The Music returned to Liverpool for the first time in years, an astonished Luke Traynor hopes they’ll be returning much quicker next time around.
Apparently singer Robert Harvey wasn’t feeling too good in the run up to The Music‘s gig in Liverpool on Wednesday night.
His tour manager said he was coming down with a spot of flu and the concert was definitely in the balance.
Thank God for Lemsip, paracetemol and his powers of recovery, otherwise this maxed-up, high octane pulsating night would have been lost to us all.
You could never tell the Leeds frontman might be struggling as his astonishing banshee like vocals soared in all their rip-roaring glory.
It’s the first time I’ve seen The Music live. To be honest, I thought the first album was great, but since then I’ve let them slip off my radar. More fool me.
Diving straight in, Harvey launched into perhaps their most well-known track Take The Long Road And Walk It which started the gig off at the highest notches and it barely ever relented. Next up, it was a cracking song from the new album called The Spike as the hypnotic mix of driving guitar and raved up beats produced waves after wave of all-enveloping sound.
For a fairly small venue as the Carling Academy is, the light show was pretty spectacular and combined with the music, it was certainly sounds to pleasantly addle the brain.
If ever there was a band a person would wish to take mind altering drugs while listening to (who would do such a tning?) The Music come close to top of the bill.
Harvey is an interesting character. Now with the locks shorn off, and a little older, he’s your every day Johnny. He looks like he could come and fix your roof for you. Or he may just be related to former Bolton Wanderers man Sasa Curcic.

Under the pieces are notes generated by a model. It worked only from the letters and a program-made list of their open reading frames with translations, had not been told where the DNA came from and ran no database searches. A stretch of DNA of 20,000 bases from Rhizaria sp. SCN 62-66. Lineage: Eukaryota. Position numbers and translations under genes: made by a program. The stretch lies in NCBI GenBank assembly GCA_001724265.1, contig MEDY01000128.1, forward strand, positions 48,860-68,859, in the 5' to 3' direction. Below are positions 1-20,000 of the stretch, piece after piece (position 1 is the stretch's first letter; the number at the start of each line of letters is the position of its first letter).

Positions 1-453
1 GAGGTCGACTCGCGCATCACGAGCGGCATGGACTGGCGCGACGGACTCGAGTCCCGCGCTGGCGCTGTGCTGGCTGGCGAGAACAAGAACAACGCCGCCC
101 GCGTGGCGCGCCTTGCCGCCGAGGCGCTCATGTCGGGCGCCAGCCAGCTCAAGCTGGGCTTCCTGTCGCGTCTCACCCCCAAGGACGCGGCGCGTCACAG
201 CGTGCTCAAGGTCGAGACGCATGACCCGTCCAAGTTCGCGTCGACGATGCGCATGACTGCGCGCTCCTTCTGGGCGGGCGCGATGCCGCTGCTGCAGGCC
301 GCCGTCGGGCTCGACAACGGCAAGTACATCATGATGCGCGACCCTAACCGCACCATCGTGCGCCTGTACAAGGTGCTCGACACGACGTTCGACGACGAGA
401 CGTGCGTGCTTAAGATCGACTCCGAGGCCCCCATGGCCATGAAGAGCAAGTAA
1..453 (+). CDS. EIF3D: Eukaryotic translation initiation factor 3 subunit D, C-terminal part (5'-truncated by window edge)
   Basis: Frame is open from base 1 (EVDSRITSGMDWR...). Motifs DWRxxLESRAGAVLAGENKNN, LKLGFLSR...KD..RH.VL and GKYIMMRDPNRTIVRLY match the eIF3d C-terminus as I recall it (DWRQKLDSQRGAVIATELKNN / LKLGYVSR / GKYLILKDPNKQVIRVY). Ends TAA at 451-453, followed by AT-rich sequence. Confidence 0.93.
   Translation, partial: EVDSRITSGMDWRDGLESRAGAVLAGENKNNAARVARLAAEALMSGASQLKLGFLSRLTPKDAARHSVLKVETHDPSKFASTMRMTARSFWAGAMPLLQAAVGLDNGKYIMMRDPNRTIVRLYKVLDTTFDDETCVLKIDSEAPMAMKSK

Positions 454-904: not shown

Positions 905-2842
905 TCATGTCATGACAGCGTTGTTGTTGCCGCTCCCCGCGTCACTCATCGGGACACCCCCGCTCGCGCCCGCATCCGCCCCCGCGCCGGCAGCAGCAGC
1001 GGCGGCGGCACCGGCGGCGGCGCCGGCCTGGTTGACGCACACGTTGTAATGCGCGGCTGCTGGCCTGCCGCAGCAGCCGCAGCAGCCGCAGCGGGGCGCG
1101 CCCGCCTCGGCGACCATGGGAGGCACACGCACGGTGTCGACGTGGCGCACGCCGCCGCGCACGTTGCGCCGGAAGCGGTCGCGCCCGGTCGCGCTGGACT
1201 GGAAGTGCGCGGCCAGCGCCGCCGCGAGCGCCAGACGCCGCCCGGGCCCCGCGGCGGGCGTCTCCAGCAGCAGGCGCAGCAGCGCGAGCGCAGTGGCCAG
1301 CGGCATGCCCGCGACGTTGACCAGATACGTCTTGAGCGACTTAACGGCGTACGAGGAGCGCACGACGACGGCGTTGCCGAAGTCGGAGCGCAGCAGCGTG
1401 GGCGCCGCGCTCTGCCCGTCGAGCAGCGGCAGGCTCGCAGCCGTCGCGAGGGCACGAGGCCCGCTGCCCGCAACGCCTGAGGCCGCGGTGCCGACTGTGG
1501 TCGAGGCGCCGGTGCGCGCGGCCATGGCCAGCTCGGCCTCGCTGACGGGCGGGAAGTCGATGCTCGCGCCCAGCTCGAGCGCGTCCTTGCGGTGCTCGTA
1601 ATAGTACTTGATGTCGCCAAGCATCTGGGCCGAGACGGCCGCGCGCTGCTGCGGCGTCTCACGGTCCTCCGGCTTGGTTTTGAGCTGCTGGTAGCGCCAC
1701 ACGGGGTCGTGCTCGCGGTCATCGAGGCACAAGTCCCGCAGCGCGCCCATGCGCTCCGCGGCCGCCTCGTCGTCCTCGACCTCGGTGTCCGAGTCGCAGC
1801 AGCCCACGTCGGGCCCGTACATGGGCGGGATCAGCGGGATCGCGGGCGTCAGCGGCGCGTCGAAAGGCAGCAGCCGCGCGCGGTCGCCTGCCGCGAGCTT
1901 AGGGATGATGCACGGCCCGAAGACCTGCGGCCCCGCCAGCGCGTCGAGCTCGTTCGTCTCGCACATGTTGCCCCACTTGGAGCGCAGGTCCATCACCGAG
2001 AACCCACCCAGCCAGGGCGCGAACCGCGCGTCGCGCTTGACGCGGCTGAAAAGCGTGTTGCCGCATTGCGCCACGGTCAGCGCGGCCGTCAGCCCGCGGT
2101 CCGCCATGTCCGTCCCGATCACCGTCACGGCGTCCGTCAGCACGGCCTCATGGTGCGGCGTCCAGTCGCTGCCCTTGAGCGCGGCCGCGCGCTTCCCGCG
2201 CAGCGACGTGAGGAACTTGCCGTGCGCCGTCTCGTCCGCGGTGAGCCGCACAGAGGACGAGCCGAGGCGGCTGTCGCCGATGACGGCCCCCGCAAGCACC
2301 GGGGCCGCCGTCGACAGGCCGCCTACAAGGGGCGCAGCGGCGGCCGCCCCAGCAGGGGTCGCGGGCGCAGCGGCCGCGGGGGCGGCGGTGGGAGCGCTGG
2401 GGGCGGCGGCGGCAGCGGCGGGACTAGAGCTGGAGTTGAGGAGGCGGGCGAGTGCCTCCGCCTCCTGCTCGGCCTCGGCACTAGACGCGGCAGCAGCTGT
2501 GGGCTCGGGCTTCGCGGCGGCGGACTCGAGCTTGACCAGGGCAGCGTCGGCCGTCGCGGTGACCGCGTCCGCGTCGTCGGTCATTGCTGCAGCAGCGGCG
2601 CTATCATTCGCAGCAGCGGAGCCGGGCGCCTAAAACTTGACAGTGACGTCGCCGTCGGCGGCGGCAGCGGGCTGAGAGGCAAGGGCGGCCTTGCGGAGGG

That aside, he’s got one of the most stunning voices rock has seen in the last decade. He glides across the stage, thrusting himself forward with robotic movements that just whips the audience into a frenzy.
Onto Human, a big fan’s favourite, and its slow-burning lilt, gushy chords and brilliantly pained Harvey wailings before Strength In Numbers energised the seeting masses. There was a hardly an onlooker who wasn’t moving a limb. A great track that one and it’s the new single. Defo worth a listen.
It didn’t seem possible to up the ante any further – there were broad grins on everyone’s faces as we all realised that one of the best talents and live acts since the Millennium, were back in our consciousness.
But up it they did, with a barnstorming version of The Truth Is No Words, the repetitive lyrics being thrust out to give us the best song of the night.
Welcome To The North, off the album of the same name, was hungry and angry and worked perfectly in Liverpool, an anthem to people like you and me who love the honesty and worldliness of the gritty streets south of the Watford Gap. The refrain rang out like a clarion call around the Academy.
A little subtext was the heavy handed boucers nearly throttling anyone who dared crowd surf during the high adrenaline moments. It only happened twice, and a finger was jerked to a barely discernible paper sign which apparently told people not to surf. What’s all that about? Health and safety coming to rock gigs now?
We were nearing the end now, 90 minutes of flouncing around in a hazy state is a decent stint. But there was still time to pull out a few of the big ones.
The brashness of The People was explosive, almost descending the concert into a full on rave, that crystal clear voice outstanding throughout. It’s special because it was all about us, the people, ‘changing the way we live now…‘
The rocking Getaway kept us dancing, always a crowd pleaser, before the finale and a gorgeous Bleed From Within ending with all four band members on a set of drums, melody halted, hammering out incessant rhythms to send us on our way buzzing into the wet night.
A fitting end to a concert that had brilliance written all over it.